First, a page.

Dear Reader,

With the euro at $1.40/€, many investors seem to be taking Trichet’s call for higher rates seriously. However, I’m a bit skeptical. On the one hand, the European Central Bank appears to be seriously concerned about inflation. But on the other, it’s a case where the central bank wants to have its cake and eat it too.

A big problem for both the Federal Reserve and the ECB is the market’s future expectations of rate increases. As soon as the rate rises even a measly quarter point, investors will pronounce an end to the low-rate era. Future expectations will be reflected in today’s rates and currency prices. Hence, central banks can’t raise rates even slightly without shaking the market. 

An example of this is Bank of Canada, the Canadian central bank. Right now, the Canadian dollar is worth almost $1.03. Why? Because the central bank began raising rates, the market is expecting more of the same. Though Canada’s overnight rates are only 1%, the market has bid its currency upward. Bank of Canada has even taken a break from rate increases. But the market doesn’t seem to care; the currency continues to appreciate anyway.

Trichet is likely afraid of a similar scenario. Simply by discussing higher rates, he has taken the euro to $1.40/€. What do you think would happen if the ECB actually raised rates? Investors might officially perceive the euro as sounder than the dollar. These expectations could force the currency higher, much like the case in Canada. And once the upward path starts, it may be hard for the ECB to reverse.

This is the problem with Trichet’s message. He’s hinting at higher rates, but says that investors shouldn’t interpret a change in rates as a new trend. He wants the benefits of higher rates to stop inflation while at the same time not overshooting the problem. Essentially, the ECB wants the best of both worlds. But in reality, this result will be hard to achieve. Therefore I’m not so sure that the ECB is quite ready to lift rates higher.

Trichet must weigh the risk versus the reward. He has to take out the scales and make a sound decision. I don’t think that any side appears to him heavier at this point. The ECB wants higher rates to fight inflation, but without unintended consequences. That stand doesn’t sound like a rock solid resolution for higher rates –hence my skepticism.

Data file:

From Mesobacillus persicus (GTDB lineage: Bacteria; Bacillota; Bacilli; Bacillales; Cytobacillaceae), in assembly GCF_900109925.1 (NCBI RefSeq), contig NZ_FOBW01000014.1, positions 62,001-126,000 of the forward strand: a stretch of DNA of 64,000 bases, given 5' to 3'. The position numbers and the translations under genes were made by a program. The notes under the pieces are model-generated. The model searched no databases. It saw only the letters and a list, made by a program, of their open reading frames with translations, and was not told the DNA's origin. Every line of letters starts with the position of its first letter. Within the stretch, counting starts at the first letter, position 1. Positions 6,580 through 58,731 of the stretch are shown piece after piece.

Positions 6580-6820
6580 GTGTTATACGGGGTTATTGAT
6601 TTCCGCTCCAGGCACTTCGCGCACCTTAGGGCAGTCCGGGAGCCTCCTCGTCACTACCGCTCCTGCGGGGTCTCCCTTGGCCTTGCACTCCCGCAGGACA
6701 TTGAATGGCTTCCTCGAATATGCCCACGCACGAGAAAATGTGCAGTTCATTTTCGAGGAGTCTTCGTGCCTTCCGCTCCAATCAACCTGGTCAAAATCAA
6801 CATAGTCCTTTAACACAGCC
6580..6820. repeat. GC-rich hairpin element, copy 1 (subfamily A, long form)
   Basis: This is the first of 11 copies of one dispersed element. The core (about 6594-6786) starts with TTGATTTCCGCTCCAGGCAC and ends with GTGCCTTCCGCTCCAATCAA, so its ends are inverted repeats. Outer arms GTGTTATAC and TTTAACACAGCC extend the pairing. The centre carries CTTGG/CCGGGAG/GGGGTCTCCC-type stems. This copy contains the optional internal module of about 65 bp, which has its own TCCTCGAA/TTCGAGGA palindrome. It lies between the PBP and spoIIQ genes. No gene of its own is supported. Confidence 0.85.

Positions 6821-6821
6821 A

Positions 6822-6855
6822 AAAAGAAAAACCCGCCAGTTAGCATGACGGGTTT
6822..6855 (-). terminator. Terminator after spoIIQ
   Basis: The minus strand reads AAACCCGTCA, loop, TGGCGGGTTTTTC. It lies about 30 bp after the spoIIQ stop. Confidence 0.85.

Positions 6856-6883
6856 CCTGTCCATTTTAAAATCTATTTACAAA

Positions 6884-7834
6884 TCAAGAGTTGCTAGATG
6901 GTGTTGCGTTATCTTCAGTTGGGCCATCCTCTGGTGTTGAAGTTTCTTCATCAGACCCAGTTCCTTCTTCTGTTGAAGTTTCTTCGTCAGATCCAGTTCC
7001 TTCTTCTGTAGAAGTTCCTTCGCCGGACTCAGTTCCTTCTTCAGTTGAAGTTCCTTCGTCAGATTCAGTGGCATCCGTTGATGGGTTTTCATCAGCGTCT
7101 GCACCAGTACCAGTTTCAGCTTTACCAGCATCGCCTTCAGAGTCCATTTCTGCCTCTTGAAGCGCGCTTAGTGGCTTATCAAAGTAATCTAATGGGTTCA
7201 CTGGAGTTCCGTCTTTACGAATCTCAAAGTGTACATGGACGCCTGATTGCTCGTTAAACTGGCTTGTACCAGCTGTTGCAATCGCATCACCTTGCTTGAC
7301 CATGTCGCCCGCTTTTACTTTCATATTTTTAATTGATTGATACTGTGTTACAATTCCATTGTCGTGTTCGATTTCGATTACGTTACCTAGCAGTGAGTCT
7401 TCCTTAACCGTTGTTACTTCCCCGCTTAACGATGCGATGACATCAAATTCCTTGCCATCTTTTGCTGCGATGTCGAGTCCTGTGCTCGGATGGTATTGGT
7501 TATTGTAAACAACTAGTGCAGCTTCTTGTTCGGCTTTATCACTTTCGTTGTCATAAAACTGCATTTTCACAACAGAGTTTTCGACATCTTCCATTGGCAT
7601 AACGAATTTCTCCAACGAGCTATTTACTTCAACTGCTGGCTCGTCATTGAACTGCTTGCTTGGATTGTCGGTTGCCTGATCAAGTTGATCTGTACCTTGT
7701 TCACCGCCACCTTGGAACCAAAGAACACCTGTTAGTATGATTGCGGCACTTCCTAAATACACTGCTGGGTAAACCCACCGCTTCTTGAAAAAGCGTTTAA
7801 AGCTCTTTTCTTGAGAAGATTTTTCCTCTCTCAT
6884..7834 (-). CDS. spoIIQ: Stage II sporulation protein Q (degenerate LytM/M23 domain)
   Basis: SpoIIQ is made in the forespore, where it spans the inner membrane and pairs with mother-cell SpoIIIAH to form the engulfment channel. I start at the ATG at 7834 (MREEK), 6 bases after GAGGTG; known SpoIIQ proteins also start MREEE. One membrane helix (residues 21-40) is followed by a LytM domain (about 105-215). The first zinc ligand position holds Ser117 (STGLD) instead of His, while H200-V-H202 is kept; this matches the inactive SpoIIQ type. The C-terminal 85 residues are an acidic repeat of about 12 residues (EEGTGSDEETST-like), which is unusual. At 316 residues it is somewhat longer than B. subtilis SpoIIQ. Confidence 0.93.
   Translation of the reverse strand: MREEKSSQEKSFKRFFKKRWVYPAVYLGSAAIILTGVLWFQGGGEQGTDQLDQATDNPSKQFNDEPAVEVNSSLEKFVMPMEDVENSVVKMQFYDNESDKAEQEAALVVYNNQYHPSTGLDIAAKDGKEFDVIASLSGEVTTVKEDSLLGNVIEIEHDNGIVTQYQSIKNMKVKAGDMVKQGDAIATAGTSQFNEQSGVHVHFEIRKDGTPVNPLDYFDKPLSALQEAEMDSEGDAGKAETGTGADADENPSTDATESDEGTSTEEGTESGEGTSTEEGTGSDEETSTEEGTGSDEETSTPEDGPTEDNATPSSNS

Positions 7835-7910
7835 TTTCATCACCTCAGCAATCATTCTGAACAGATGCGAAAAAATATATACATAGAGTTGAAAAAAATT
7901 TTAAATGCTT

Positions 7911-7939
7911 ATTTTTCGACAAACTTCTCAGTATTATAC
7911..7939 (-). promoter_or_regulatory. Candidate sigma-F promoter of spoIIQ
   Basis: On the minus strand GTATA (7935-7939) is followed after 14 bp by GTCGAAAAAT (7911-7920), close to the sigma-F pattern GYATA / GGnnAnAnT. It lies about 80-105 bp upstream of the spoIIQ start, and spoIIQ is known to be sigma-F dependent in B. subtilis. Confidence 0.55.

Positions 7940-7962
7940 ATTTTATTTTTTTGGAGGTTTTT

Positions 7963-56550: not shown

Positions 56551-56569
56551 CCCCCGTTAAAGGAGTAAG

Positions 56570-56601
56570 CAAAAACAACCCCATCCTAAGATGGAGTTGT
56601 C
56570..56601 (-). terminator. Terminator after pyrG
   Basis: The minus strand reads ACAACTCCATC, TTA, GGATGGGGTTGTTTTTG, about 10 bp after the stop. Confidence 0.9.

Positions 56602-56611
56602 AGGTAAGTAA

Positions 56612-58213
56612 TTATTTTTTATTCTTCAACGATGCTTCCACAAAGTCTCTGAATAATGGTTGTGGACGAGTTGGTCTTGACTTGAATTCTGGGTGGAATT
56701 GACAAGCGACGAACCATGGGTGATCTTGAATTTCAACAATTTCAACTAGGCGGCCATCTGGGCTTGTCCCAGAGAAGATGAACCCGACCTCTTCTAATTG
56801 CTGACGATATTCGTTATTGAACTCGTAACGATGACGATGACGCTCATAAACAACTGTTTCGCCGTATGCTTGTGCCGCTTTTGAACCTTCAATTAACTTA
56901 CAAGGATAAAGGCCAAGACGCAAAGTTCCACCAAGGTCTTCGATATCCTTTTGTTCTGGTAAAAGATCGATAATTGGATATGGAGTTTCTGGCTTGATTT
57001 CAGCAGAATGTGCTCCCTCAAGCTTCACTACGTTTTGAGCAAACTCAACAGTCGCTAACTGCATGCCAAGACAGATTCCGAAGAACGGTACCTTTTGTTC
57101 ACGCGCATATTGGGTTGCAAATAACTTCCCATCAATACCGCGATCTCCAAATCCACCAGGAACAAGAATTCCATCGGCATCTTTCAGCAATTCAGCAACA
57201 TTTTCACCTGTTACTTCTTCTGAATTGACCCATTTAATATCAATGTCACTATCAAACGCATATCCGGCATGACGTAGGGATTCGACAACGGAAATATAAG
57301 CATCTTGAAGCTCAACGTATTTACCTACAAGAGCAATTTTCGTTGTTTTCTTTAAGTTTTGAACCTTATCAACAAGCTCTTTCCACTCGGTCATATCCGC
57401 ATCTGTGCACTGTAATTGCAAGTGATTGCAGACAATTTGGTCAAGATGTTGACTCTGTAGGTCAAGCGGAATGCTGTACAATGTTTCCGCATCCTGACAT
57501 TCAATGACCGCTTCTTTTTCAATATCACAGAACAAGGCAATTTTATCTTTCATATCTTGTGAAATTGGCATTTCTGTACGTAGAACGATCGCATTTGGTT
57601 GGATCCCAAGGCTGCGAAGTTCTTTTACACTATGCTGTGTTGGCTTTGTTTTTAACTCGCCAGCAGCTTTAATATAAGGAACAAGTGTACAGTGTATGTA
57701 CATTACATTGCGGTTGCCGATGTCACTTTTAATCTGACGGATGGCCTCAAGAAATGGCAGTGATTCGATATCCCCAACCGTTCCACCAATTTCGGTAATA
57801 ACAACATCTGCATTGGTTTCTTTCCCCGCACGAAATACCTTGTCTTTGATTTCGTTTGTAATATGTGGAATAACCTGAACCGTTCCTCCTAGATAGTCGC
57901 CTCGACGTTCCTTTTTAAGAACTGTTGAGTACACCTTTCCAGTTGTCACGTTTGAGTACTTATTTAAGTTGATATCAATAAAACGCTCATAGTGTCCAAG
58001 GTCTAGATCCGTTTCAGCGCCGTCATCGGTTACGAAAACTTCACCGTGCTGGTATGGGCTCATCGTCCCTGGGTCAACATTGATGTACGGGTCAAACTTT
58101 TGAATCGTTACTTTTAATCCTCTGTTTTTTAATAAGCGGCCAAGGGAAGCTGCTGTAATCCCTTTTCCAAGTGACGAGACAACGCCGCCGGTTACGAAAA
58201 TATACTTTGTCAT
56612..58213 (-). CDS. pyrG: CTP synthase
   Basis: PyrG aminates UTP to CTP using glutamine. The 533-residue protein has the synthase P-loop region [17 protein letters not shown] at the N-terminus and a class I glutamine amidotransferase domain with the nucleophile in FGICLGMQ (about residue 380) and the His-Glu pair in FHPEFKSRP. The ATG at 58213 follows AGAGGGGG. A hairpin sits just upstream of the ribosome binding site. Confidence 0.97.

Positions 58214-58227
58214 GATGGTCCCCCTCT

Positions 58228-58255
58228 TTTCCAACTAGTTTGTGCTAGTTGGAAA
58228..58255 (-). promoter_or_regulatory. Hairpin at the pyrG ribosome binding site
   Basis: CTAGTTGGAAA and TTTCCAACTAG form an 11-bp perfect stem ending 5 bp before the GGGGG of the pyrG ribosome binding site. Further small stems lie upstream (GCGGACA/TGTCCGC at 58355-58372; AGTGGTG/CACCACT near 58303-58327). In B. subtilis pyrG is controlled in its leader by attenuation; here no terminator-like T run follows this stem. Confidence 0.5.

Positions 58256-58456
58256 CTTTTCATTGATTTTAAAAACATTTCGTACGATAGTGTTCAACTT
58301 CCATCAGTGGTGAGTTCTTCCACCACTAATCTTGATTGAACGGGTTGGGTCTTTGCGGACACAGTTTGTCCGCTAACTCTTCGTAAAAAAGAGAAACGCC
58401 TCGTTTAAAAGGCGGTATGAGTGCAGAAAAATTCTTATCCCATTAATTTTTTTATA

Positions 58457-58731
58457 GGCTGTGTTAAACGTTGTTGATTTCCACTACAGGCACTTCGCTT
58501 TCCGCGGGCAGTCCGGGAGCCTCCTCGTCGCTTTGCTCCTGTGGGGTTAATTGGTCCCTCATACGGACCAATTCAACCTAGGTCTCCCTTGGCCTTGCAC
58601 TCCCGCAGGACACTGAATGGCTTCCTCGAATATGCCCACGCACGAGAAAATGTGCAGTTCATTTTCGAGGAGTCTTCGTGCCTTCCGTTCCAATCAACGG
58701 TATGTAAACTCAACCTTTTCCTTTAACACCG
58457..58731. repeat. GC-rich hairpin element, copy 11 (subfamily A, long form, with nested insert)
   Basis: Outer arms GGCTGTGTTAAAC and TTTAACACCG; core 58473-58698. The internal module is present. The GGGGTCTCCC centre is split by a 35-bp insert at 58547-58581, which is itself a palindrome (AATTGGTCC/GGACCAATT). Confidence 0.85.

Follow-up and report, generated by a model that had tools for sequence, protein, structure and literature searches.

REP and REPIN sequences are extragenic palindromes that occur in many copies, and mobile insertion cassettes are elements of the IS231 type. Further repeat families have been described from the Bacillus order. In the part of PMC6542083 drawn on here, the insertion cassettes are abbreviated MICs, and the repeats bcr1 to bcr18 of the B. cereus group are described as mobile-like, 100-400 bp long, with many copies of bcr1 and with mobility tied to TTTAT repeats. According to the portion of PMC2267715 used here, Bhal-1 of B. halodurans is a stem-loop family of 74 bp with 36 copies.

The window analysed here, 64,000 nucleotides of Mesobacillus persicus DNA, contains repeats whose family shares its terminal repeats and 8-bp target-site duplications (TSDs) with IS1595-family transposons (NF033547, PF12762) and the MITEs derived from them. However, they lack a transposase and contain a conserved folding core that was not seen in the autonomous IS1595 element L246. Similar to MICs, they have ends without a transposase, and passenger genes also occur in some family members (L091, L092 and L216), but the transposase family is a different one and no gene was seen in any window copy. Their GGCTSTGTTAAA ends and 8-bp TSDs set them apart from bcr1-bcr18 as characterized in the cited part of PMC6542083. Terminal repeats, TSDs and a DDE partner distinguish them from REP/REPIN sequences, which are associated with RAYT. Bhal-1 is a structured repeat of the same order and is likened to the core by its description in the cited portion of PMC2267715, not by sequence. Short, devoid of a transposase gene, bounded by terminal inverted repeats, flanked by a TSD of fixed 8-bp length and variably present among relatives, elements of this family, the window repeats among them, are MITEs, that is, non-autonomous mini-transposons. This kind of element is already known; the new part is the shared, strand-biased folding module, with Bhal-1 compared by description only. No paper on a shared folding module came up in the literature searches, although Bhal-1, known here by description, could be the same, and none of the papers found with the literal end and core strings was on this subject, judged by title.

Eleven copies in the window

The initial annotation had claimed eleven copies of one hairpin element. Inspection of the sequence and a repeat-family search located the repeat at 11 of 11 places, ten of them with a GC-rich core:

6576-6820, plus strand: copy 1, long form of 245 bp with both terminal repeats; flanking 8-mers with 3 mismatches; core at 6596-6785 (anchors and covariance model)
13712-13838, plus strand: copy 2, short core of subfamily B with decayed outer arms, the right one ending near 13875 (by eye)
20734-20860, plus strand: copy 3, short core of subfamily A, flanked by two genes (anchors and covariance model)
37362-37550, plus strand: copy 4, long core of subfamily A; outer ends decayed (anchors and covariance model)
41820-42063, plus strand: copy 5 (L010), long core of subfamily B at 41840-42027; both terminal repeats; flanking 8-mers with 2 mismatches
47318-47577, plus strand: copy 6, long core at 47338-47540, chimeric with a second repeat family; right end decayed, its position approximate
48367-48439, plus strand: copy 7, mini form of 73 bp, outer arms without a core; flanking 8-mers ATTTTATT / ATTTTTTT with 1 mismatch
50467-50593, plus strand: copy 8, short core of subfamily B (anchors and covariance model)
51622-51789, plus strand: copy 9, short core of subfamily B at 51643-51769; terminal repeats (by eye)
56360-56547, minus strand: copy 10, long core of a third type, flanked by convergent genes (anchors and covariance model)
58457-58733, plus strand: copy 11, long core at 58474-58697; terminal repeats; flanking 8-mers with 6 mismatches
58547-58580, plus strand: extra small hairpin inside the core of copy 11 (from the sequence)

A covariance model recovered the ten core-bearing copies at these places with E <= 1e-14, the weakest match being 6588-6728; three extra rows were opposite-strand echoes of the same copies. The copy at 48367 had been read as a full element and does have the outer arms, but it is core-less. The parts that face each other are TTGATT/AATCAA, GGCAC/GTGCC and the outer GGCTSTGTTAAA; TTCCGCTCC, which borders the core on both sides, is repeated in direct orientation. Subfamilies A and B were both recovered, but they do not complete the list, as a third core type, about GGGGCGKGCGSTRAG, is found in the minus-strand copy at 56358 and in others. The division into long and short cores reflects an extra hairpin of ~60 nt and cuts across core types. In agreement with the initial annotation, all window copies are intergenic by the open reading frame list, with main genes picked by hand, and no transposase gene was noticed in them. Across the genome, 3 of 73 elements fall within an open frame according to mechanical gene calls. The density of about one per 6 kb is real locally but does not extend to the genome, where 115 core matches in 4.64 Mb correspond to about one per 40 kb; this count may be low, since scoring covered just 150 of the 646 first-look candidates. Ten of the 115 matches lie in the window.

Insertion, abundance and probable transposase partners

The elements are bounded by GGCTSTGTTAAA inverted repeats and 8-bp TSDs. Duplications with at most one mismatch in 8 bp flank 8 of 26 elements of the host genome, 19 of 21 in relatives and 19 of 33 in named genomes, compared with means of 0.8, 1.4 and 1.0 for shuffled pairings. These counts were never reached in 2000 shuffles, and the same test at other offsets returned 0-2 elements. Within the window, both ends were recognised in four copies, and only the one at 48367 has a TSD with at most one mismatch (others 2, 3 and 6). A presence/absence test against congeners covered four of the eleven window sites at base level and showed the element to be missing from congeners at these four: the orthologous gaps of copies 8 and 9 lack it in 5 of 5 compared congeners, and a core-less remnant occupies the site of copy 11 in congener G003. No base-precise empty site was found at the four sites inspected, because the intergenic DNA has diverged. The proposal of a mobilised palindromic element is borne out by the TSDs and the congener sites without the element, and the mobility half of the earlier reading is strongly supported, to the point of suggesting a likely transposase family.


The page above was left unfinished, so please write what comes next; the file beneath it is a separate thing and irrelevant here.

First up today, Jeff Clark will explain the next big driver in gold prices, pension funds. If they get an appetite for gold, the sky is the limit. Then Kevin Brekke will cover a new report on declining cities and the effect on real estate prices. It’s interesting how the dynamics of the real estate market are changing. Now long-term growth rates of cities have once again become important – as they should have always been. The industry is transforming back into an actual investment area that requires thought and planning rather than a bubble market where anything went up.

The Driver for Gold You’re Not Watching

Jeff Clark, BIG GOLD

You already know the basic reasons for owning gold – currency protection, inflation hedge, store of value, calamity insurance – many of which are becoming clichés even in mainstream articles. Throw in the supply and demand imbalance, and you’ve got the basic arguments for why one should hold gold for the foreseeable future.

All of these factors remain very bullish, in spite of gold’s 450% rise over the past 10 years. No, it’s not too late to buy, especially if you don’t own a meaningful amount; and yes, I’m convinced the price is headed much higher, regardless of the corrections we’ll inevitably see. Each of the aforementioned catalysts will force gold’s price higher and higher in the years ahead, especially the currency issues.

But there’s another driver of the price that escapes many gold watchers and certainly the mainstream media. And I’m convinced that once this sleeping giant wakes, it could ignite the gold market like nothing we’ve ever seen.

The fund management industry handles the bulk of the world’s wealth. These institutions include insurance companies, hedge funds, mutual funds, sovereign wealth funds, etc. But the elephant in the room is pension funds. These are institutions that provide retirement income, both public and private.

Global pension assets are estimated to be – drum roll, please – $31.1 trillion. No, that is not a misprint. It is more than twice the size of last year’s GDP in the U.S. ($14.7 trillion).

We know a few hedge fund managers have invested in gold, like John Paulson, David Einhorn, Jean-Marie Eveillard. There are close to twenty mutual funds devoted to gold and precious metals. Lots of gold and silver bugs have been buying.

So, what about pension funds?